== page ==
Katie Ledecky performs Beatles song at Golden Goggle Awards

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In a skit called “Swimmers’ Got Talent,” Katie Ledecky and Elizabeth Beisel showed that their skills are not confined to the pool.

Ledecky, the five-time Olympic champion, and Beisel, the retired three-time Olympian, performed a duet at USA Swimming’s Golden Goggle Awards in New York City on Monday night.

In a reprisal of their pre-Rio Olympic team camp exercise, Ledecky played The Beatles’ “Let It Be” on the piano, plus sang. Beisel accompanied on the violin.

“I was probably a little pitchy, I’m sorry about that,” Ledecky said after the song and before she won a sixth straight Female Swimmer of the Year award.

Beisel, who has played the violin since age 3, said it was “more nerve-racking than the Olympics” to play in front of several hundred people from the swim community at a midtown Manhattan hotel ballroom.

“I took piano lessons as a child, but I have not been able to keep up with it and I am not as proficient as I would like,” Ledecky said before the Rio Games.

Ledecky has played the piano since age 8 or 9, but she phased out of lessons in the eighth grade to prioritize swimming, according to The New York Times.

Even so, as of spring 2016, she could “bang out a respectable version of ‘Hey Jude’ or ‘Viva la Vida’ on the baby grand piano in the living room,” according to Sports Illustrated.

Golden Goggles Award Winners
Female Swimmer of the Year: Katie Ledecky
Male Swimmer of the Year: Ryan Murphy
Female Race of the Year: Kathleen Baker, 100m Backstroke world record, U.S. Championships
Male Race of the Year: Ryan Murphy, 100m Backstroke, Pan Pacific Championships
Relay of the Year: Pan Pacific Championships Men’s Medley
Breakout Swimmer of the Year: Michael Andrew
Perseverance Award: Micah Sumrall
Coach of the Year: Greg Meehan

MORE: Ledecky preps for new Olympic challenges in new suit

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Kobe Bryant tries to coax Michael Phelps to unretire (video)

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Not even Kobe Bryant could entice Michael Phelps to get back in the competition pool.

Bryant, a two-time Olympic champion, egged on Phelps while presenting the female athlete of the year award at USA Swimming’s Golden Goggles Awards in Los Angeles on Sunday night.

“Since it never gets old, would you like, just one more time?” Bryant told Phelps on stage (at 68:20 mark here). “Not me. You. You’re in much better shape than I am, dude. You can do it one more time.”

Phelps, as he has done for the last year, dismissed it.

“I’d rather be sitting in the stands during the next one and watching all of you,” Phelps said to the crowd, many of whom were active swimmers.

“All right, then I can save you a seat,” Bryant responded. “Just let me wear one of those medals.

“I got distracted by the gold medals, man. I’m wondering how he puts 28 [Olympic medals] on. I have no idea how that works. It’s crazy to me.”

The retired Lakers star got a first-hand look at an in-his-prime Phelps as a spectator at the 2008 Olympic swimming venue, the Water Cube.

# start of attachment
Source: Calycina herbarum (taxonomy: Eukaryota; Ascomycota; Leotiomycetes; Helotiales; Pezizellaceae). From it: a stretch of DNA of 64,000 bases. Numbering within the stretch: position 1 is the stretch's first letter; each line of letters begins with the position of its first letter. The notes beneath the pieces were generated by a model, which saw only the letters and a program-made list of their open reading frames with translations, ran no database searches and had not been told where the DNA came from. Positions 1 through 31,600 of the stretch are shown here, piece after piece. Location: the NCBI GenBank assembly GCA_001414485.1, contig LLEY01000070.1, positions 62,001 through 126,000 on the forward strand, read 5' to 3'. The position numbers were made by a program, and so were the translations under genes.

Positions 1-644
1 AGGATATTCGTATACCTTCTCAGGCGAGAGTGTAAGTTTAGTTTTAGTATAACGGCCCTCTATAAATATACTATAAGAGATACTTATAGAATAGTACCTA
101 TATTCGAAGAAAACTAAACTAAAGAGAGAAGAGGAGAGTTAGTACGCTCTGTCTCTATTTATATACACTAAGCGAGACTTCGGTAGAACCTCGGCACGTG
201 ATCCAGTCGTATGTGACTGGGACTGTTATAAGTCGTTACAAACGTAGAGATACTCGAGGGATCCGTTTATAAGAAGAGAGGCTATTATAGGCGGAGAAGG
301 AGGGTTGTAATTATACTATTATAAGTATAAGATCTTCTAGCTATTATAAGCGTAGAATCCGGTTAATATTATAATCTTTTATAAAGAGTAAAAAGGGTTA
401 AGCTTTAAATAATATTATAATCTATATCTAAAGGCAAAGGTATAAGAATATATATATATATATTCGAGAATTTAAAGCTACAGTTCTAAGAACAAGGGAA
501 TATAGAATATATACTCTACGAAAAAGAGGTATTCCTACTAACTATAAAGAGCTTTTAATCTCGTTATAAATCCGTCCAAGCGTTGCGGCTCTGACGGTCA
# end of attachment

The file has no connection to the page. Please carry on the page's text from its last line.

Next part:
“After seeing my first race in Beijing, I was hooked,” Bryant said.

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MORE: Ledecky wins race by 54 seconds, breaks record

Katie Ledecky, Caeleb Dressel lead Golden Goggles winners

Katie Ledecky, Caeleb Dressel
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LOS ANGELES (AP) — Katie Ledecky and Caeleb Dressel won athlete of the year honors at the Golden Goggle Awards on Sunday night, recognizing the year’s top performances by USA Swimming.

Ledecky won for the fifth consecutive year. She received her trophy from a couple of bearded retirees: Michael Phelps and Los Angeles Lakers star Kobe Bryant.

Ledecky earned five gold medals and a silver at the world championships in Budapest in July.

“My very first goal was to make friends in the sport,” Ledecky said. “I want to thank all my friends in this room for being there for me and making me love this sport.”

Bryant tried to egg Phelps into reconsidering retirement. But Phelps was having none of it.

“I’d rather be sitting in the stands during the next one watching all of you,” he told the audience.

Dressel joined Phelps as the only swimmers to win seven golds at a single world championships in Budapest. It was the first time in 11 years that either Phelps or Ryan Lochte didn’t win male athlete of the year at the event.

“I want to continue to learn and progress,” Dressel said.

Dressel also won for male race of the year for his world 100m butterfly title, missing Phelps’ world record from 2009 by .04.

Lilly King won for female race of the year, notching a 100m breaststroke world record and finishing nearly a second ahead of teammate Katie Meili. It was King’s first world title and first world record.

Mallory Comerford earned the trophy for breakout performer. In her international long-course debut, she earned five relay gold medals.

The perseverance award went to 32-year-old backstroker Matt Grevers.

The 2012 Olympic 100m back champion just missed earning a spot at the Rio Games with a third-place finish at trials. He bounced back in a big way, winning four medals in Budapest, including silver in the 100m back and two relay golds.

Greg Meehan of Stanford, who guided the U.S. women’s team in Budapest, was honored as coach of the year.

The women’s 4x100m medley relay earned relay performance of the year.

Kathleen Baker, King, Kelsi Worrell and Simone Manuel set a world record of 3 minutes, 51.55 seconds while finishing nearly two seconds ahead of second-place Russia.

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MORE: Ledecky wins race by 54 seconds, breaks record